Travelling on London’s trains

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Train stations

Get information about a particular station:

London train stations

Plan a train journey

Plan a journey between two different stations:

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How often do the trains run?

The London Underground typically operates from 5 AM to 00.30 AM (Mon-Sat), and 7 AM to 11.30 PM (Sun). The Docklands Light Railway runs from 5.30 AM to 00.30 AM (Mon-Sat), and 7 AM to 11.30 PM (Sun).

The long-awaited 24-hour service will start in late 2016, but only on Fridays and Saturdays, and only on the Jubilee, Piccadilly, Victoria, and most of the Central and Northern lines.

But this is where it begins to get a bit complicated: because the Central line will only operate between Ealing Broadway and Loughton. It will not operate from North Acton to West Ruislip, from Loughton to Epping, or from Woodford to Hainault (although it will go between Leytonstone and Hainult). The Northern line will only operate from Morden to Edgware, and Morden to High Barnet (both via the Charing Cross loop). It will not operate on the Bank loop. The Piccadilly line will run all the way from Cockfosters to Heathrow Terminals 1-3, and Terminal 5, but not Terminal 4. It will not operate between Acton Town and Uxbridge.

How to read the tube map

Each underground line has its own special colour, which is shown below.

Colours of the London underground lines

The coloured lines can be seen on the tube map, which you will find pasted up at every station. Here is a part of it.

Section of the London Underground map

Stations which only serve one line are shown by a little stub protruding from the coloured line. For example, Covent Garden, which only serves the Piccadilly (dark blue) line.

Stations which serve two or more lines are said to be interchanges, and are shown by a large white circle. For example, Blackfriars, which serves the Circle (yellow) and District (dark green) lines.

Stations which also serve mainline (above-ground) trains are accompanied by a little red rail symbol. For example, Charing Cross and Cannon Street.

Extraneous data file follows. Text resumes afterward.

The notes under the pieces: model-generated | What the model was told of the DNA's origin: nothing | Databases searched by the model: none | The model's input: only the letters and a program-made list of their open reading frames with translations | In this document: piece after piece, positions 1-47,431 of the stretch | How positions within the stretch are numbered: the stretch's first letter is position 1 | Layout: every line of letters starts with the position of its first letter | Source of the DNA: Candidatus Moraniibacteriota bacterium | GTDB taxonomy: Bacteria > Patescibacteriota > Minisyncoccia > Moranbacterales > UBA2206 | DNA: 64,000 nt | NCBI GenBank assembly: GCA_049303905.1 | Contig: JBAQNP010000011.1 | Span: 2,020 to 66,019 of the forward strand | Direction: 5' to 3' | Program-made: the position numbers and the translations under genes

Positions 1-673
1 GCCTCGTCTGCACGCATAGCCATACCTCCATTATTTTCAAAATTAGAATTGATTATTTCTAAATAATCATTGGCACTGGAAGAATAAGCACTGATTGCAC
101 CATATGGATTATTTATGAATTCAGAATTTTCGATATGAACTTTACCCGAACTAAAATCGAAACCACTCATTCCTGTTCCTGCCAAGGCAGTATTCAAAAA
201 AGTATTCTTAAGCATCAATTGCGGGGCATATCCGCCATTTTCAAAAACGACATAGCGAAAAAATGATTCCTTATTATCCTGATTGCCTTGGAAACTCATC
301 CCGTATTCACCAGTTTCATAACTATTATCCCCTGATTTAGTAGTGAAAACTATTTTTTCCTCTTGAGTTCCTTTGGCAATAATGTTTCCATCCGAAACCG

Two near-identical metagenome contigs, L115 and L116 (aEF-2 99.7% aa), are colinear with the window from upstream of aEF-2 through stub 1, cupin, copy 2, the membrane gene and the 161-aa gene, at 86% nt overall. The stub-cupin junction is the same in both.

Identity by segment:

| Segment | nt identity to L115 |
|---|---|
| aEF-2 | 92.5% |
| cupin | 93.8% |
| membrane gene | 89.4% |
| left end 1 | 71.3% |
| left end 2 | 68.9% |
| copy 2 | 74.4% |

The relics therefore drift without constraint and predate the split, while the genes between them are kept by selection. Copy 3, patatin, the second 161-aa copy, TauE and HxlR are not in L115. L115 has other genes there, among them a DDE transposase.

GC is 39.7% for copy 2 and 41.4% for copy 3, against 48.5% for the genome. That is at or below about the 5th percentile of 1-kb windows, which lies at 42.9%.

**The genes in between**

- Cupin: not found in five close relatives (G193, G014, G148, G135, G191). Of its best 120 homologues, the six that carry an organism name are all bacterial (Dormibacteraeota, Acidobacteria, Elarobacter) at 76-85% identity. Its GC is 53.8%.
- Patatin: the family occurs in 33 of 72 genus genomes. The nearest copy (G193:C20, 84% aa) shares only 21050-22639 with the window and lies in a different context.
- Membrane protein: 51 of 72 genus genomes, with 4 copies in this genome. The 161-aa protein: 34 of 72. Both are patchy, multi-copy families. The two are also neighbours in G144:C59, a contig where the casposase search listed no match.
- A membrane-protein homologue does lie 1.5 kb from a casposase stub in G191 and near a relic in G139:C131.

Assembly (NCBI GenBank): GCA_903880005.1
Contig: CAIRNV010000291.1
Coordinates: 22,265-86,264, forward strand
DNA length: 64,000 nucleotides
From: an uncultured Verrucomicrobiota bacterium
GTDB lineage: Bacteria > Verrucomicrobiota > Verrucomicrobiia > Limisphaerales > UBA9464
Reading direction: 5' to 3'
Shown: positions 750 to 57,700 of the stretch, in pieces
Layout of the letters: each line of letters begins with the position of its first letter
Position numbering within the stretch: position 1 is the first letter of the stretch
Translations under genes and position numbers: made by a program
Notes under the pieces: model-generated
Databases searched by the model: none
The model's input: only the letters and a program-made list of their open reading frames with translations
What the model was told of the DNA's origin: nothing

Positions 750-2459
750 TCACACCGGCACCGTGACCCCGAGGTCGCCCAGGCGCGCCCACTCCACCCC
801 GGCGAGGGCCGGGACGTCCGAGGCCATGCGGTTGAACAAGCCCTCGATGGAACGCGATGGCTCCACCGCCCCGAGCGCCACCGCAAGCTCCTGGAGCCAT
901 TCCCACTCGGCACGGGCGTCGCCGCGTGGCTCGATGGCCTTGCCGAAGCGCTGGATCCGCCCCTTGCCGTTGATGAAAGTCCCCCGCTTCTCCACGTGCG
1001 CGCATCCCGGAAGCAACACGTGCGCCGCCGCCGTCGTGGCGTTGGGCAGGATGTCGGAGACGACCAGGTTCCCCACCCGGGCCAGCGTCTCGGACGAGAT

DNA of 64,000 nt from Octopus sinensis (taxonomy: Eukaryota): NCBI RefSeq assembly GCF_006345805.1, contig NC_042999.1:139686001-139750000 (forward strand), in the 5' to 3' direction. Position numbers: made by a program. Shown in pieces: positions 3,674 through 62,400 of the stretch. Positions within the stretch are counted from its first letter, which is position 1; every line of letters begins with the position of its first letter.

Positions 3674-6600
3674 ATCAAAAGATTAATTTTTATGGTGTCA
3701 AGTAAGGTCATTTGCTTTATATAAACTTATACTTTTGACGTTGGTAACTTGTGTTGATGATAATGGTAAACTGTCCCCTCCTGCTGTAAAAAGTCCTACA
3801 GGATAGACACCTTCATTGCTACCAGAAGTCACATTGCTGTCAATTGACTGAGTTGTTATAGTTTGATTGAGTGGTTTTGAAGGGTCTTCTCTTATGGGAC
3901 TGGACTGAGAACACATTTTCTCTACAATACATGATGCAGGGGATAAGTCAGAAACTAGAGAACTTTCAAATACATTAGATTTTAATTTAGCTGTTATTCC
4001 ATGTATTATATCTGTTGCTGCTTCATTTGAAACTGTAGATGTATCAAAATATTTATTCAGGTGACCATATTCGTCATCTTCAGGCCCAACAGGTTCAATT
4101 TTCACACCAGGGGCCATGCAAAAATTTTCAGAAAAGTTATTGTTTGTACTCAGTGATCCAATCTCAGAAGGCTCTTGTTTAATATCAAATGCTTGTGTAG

What are the fares?

Adult train fares in London, 2017

Child train fares in London, 2017

London train timetables

You can print off paper timetables at tfl.gov.uk/travel-information.

You can also get paper timetables at a Travel Information Centre. There are six of them in London: Euston station, King’s Cross station, Liverpool Street station, Piccadilly Circus station, Victoria station and Heathrow airport.

Tips for train travel

Always stand on the right-hand side of escalators. The left-hand side is reserved for people who want to walk up the escalator.

Barrier at a London train station

When entering or exiting the platform, you won’t be able to use every single ticket barrier… only the ones with green or yellow arrows on. If a lane has a red or yellow cross on it, then it won’t accept your ticket.

If you’re carrying bulky items and can’t fit through the barrier, look for an extra wide gate to the side. If there are none, just show your ticket to the member of staff, who will let you through a side gate.

Got any questions?

> Talk about the London underground 

  • Admin – “Yeah, you're not supposed to have an unfolded buggy on an escalator -- that's the rule. You're supposed to fold it up and carry the child (or let him stand if he's old enough). But of course that's not very easy if you're on your own with a young child. You can try and ask a member of staff to help but they cant always do it (they might have to man the ticket barrier, or whatever). And it's pot luck whether you can get a member of the public to help. (I would like to think that most people would!). There will be a big escalator and a flight of 28 stairs at euston. There is an escalator and a flight of 19 stairs at charing cross. Just follow the signs for Northern line (southbound). When you are on the platform there will be lcd signs all along the length of it saying where the next train is going. It's all easy enough, assuming that a member of the public helps you on the escalator (just remember to fold it up first). But maybe you'll be better off spending the money on a taxi, to put your mind at rest (..Save your next tube journey for when you're not so pushed for time). A taxi should be in the region of £10 to £15, depending on the traffic. Probably take 15-20 mins. If the taxi drops you outside charing cross station the platforms are literally just 60 seconds inside the front door. No stairs or escalators or anything,”
  •  Guest – “That's great admin, thank you. So is it escalators and stairs or I can choose to do stairs or escalator? I think I will do taxi as I didn't realise it would be that affordable. Are there usually black cabs waiting or would I need to pre book and if I pre booked what's the best number to use? I’m sorry for all the questions, I’m so impressed with this board and your help. Thank you.”
  • Admin – “It's escalators plus stairs. There's always loads of taxis at euston. The taxi rank is downstairs in the underground car park, but you should just be able to flag one down outside the front easy enough. You can order it advance if you want, but you'll have to pay extra for that (the amount will depend on who you book with) -- tfl.gov.uk/modes/taxis-and-minicabs/book-a-taxi”

> Read the rest, or ask your own question

 
 

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